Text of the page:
In the glare of the streetlight, I could see the rain pouring down in small-beaded, thin sheets. I stood on the porch for just a few seconds as I tried to reconcile the information both my skin and my phone were telling me. It was 51 degrees outside.
I attempted to hold the door from slamming shut, and possibly disturbing my sleeping neighbors and roommate. Despite being worlds warmer than Monday, I knew the run would not be the same lovely weather I had had up until now. Over the thunk of my radiator, I did briefly hear a plaintive call about warmth and lonely sheets from my bed.
November in New England brings out a degree of hypocrisy in some of us locals: On the one hand, when the snow starts falling, grizzled veterans of blizzards past make an anthem of the Twain joke, “If you don’t like the weather in New England, wait five minutes;” on the other, as soon as non-natives leave the room, we whinge to our neighbors of our shock that the temperature is falling–as it does every year.
Shoes snug against my feet, and a light rain jacket slipped on mostly to shield my phone from the rising damp, I set out. Pause beneath my awning for a moment’s indecision about parking upon my return, then start walking toward Chestnut Hill Reservoir. The walk is wet, puddles and pours deposit a small pool around my toes through the light mesh front of my shoe–usually a blessing, when I start to heat up.
I scan the horizon of the track, It is shortly before 7 a.m., and from the street level below, it appears that I have the place to myself. I appear to be the only idiot out in this weather at this hour. As I stretch, I begin to wonder if there’s something other people know about days like today, and whether it’s a lesson I am about to learn with difficulty.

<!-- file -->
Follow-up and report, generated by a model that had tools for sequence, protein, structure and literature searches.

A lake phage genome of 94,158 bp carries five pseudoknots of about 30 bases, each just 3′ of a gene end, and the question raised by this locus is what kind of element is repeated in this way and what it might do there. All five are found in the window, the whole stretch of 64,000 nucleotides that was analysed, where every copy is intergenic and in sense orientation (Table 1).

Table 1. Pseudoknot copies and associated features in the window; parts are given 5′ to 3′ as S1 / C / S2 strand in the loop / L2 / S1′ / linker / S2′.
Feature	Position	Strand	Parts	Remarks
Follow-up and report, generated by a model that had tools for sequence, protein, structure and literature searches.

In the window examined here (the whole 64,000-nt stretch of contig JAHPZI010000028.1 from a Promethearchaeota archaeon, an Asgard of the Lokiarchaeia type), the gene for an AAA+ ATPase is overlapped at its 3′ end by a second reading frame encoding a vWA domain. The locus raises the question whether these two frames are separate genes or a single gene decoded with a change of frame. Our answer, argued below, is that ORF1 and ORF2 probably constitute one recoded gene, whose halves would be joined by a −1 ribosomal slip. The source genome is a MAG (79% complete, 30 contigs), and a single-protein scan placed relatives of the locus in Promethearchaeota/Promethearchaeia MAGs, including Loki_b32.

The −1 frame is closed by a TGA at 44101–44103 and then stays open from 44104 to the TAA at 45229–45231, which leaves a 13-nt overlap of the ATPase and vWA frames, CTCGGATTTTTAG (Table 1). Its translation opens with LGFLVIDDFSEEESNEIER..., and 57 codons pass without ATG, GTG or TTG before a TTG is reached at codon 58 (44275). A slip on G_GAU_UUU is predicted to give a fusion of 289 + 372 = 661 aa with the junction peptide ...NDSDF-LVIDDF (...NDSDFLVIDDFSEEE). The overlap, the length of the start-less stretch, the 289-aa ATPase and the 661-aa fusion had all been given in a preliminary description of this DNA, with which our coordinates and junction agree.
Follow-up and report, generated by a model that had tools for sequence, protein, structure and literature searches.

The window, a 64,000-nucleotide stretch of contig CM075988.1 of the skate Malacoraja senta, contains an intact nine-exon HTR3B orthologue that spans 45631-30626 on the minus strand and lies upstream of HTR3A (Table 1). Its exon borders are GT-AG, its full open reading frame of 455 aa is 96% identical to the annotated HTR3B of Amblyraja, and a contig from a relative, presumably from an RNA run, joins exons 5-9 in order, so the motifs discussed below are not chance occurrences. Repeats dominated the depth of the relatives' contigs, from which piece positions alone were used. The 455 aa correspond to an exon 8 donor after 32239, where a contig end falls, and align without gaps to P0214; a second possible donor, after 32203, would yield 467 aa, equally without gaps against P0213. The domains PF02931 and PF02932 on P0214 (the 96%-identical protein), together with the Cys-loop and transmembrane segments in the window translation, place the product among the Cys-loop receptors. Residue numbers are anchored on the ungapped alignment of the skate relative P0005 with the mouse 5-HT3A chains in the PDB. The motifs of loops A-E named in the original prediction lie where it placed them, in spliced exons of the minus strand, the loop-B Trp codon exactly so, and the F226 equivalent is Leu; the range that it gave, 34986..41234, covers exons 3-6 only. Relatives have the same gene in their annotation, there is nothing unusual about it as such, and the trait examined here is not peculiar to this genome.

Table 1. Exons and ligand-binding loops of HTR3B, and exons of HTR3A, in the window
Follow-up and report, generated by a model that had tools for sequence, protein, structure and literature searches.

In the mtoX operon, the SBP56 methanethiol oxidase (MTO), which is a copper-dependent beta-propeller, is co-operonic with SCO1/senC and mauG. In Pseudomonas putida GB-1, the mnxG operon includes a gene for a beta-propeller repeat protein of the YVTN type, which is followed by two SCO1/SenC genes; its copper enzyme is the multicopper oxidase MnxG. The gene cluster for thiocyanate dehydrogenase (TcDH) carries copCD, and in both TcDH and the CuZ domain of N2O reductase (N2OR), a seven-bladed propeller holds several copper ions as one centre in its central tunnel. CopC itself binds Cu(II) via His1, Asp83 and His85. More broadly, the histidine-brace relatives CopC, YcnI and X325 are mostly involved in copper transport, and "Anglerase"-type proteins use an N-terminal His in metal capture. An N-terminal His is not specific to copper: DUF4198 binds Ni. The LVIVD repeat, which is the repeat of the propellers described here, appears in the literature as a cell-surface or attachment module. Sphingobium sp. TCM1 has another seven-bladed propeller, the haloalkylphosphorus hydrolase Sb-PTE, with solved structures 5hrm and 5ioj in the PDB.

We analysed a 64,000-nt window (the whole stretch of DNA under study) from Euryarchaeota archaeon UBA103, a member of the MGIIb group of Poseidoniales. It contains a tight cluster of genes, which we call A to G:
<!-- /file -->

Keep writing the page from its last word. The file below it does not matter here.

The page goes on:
As I near the halfway mark, my shirt is soaked through the front, where it is open. I have no idea whether it is sweat or rain. Drips collect on my glasses, and I am nearly blind at times while I scour the track’s surface for some softer ground. My right foot is aching with each step, and each of the softer grassy strips I rely on for relief is slightly buried beneath some standing water. As are large portions of the track.
I negotiate my right arm out of my jacket after reversing direction at the halfway mark. I have either sweated it to the point of stickiness, or the rain has soaked through a jacket I picked for its supposed waterproofing. I can’t tell, as it is cold and wet either way. I bunch it up, leaving it on my left arm to again, try and protect the phone in its TuneBelt–the coat eventually slips, and I hope the arm band is sufficient to keep water out of my second brain.
A half-hour of solid running. I nearly give up a couple of times, my clothes sodden and the wind buffeting me from all directions along the course. I push through, smile at a passing runner in the other direction, and decide–at False Corner Cove–that I can make it. I won’t let that cove trick me this time, and I will make it back to the starting line.
My right leg–ever the troublemaker–begins to ache more. I feel my pace is trailing down from a jog to a limp.
“Malfunction imminent,” I say, because sometimes I think of myself as a robot. “Come on. Just have to squeeze another half-mile or so out of this jalopy. Then we can go home. We can make it.”
I try to pick myself back up to a lope.
Eventually, a half-dozen or so yards from the point I started, the phone tells me I am done. I have lost about .03 miles from my run Monday, which I am happy to blame on the weather. A moment of reflection hits me, as I realize how far I have come in 11 weeks (nine, plus the two I repeated because I wasn’t satisfied with my performance): I went from knowing nothing about running, to being a little disappointed I have lost time over a previous run. I have gone from being winded after 30 or so seconds at an elevated pace, to putting 2.5 miles over 30 minutes behind me and breaking more than a little sweat.
Tired, wet, but victorious, I crest the wave that is C25k’s final week. I am nearly done.
I can’t help myself but hope Friday is warm and clear…
Shin Status: Clear Malfunction with Turkey Input
Shirt of the Day: Portal 2’s Space Core floating past a NASA insignia look-alike that reads ‘SPACE,’ black, soaking windbreaker.
(Fun fact, I have heard that NASA refers to their circular logo internally as “The Meatball.”)